Continuing “Do Fashion Sites Have Any Moral Obligations?”

Recently, I commented on a model used by Alberta Ferretti on the site She was ghostly white. My comment was twofold: to note how white she is, and how that “whiteness” is what designers seem to desire, and that the lack of stockings highlighted how white her legs were. My exact quote was, “Could the model be any more pasty?”

Another reader said I was racist, and “body snarking,” a term made up by the owners of fashion sites who ban you if you mention that someone looks deathly thin. She said, “Imagine if you said that she was too dark!” Then the owners, Tom and Lorenzo, jumped in and claimed that I was body snarking, and that it wasn’t tolerated, and that my comment wasn’t about racism at all. Really? I explained to them that it was about racism, but they continued to tell me what I meant. Then they sent me some rude responses to my emails, telling me I was full of “horseshit,” and that I should “go away. You’re not wanted here.” They said they don’t address these issues because their readers would leave. That’s sad, to think your readers are so shallow that they aren’t interested in social issues in fashion. I would never underestimate my audience in that way, if I actually had an audience. 🙂 These are serious issues and, as far as I can see, very few people are addressing them.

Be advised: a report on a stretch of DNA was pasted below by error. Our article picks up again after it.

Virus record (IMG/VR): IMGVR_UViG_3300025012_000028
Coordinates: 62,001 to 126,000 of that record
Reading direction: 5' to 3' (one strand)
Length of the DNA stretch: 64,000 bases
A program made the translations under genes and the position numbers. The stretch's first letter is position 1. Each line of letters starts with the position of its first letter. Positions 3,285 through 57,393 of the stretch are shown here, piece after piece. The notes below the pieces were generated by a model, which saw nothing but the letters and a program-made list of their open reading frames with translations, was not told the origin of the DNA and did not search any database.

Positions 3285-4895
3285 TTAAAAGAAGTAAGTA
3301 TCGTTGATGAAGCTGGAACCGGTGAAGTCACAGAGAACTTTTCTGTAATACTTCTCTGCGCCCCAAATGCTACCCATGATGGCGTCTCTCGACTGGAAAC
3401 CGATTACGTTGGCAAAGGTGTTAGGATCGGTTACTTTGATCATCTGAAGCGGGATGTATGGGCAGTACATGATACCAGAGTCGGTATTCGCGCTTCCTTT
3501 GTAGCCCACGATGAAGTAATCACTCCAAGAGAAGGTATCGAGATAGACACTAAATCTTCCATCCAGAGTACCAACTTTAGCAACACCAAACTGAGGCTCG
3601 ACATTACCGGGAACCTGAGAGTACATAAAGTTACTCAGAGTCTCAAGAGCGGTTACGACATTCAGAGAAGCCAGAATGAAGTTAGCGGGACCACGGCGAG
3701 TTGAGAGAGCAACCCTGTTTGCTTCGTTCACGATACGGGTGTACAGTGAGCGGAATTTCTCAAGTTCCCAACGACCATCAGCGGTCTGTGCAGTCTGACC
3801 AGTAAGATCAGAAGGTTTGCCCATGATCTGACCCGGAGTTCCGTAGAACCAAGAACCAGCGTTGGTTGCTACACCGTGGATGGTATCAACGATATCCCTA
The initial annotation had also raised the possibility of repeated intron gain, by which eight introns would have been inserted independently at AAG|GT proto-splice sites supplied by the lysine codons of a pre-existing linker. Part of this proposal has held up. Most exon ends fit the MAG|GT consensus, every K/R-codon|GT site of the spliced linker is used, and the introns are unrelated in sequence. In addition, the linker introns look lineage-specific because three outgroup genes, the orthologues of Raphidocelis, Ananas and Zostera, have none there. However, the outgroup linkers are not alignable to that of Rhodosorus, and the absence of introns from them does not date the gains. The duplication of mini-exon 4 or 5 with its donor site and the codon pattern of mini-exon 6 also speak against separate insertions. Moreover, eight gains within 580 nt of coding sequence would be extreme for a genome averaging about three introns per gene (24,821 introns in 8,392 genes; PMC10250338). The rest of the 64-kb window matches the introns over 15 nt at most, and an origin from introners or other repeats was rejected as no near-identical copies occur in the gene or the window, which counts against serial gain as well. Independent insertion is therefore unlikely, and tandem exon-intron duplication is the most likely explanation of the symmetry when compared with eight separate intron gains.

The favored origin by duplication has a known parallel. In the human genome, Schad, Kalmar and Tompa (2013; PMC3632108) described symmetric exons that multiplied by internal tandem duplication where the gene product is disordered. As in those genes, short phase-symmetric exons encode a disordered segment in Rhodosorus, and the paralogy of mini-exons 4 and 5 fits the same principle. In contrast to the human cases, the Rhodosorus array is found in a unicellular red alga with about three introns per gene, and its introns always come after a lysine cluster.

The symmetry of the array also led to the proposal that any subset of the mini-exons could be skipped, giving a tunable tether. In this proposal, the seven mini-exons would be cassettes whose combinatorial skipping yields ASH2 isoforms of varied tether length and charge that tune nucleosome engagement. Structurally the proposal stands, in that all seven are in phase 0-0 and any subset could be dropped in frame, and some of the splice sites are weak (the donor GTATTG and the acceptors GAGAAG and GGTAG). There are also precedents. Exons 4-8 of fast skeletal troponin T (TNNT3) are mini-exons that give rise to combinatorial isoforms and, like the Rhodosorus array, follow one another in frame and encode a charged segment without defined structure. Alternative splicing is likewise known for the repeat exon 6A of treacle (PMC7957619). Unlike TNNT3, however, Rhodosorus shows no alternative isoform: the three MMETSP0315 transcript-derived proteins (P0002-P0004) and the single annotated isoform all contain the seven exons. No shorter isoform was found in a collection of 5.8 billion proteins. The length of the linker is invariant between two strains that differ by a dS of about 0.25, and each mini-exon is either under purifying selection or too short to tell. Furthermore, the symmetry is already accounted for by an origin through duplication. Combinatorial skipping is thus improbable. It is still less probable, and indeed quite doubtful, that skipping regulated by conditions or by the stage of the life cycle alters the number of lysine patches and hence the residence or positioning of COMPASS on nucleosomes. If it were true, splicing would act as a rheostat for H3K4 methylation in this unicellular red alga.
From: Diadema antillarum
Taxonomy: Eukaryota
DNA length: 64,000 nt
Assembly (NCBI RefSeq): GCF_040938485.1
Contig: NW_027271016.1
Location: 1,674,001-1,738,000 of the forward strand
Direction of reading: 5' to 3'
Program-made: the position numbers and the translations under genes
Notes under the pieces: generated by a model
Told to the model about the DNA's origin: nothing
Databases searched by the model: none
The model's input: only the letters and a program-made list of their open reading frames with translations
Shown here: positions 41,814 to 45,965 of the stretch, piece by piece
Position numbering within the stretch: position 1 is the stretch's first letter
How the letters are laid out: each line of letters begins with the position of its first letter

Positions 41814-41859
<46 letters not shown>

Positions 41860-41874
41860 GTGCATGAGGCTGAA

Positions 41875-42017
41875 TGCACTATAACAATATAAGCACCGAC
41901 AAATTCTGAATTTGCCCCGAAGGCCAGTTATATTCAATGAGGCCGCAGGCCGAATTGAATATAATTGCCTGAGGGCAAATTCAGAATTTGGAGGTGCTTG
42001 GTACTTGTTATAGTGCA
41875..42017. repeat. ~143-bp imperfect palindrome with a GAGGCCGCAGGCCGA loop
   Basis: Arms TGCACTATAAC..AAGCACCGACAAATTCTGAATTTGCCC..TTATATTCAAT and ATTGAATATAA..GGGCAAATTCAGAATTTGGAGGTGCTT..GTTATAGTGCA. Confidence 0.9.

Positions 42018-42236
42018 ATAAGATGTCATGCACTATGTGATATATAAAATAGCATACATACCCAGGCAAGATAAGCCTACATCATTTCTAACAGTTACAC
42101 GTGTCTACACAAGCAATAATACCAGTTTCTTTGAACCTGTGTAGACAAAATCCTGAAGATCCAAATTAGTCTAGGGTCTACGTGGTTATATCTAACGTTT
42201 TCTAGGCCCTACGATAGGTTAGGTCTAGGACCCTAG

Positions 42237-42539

Yes, I can think. I think I should leave that site.

Claiming someone’s legs are too dark is an entirely different context than saying someone is pasty white. One comment is racist, the other is pointing out that models can’t be white enough for designers. One comment is implying that the whiter the better, the other comment is saying that dark models aren’t desirable. How this comparison got made and then defended by the site owners shows a lack of understanding of what was implied and later explained, and a real denial of racism in fashion. It’s like saying affirmative action is racist, denying the conditions that led to its necessity. Most designers don’t use women or men of color, and if they do, they are light-skinned. Their models are often deathly thin. Some have died. I know that Internet arguments are silly. I’ll never meet these people in my life. But these are important issues, and I’m dismayed by the lack of critical thinking and that these sites, including one of my favorites,, shut down any questions about body issues or racism in fashion. I don’t think it’s because their readers are dull and uninterested. I think it’s because they don’t want to lose their close-up seats at all of the fashion shows. Tom and Lorenzo are not unintelligent, so I’m led with the conclusion that they purposefully misunderstood my comment in order to shut down any conversation about racism in shows.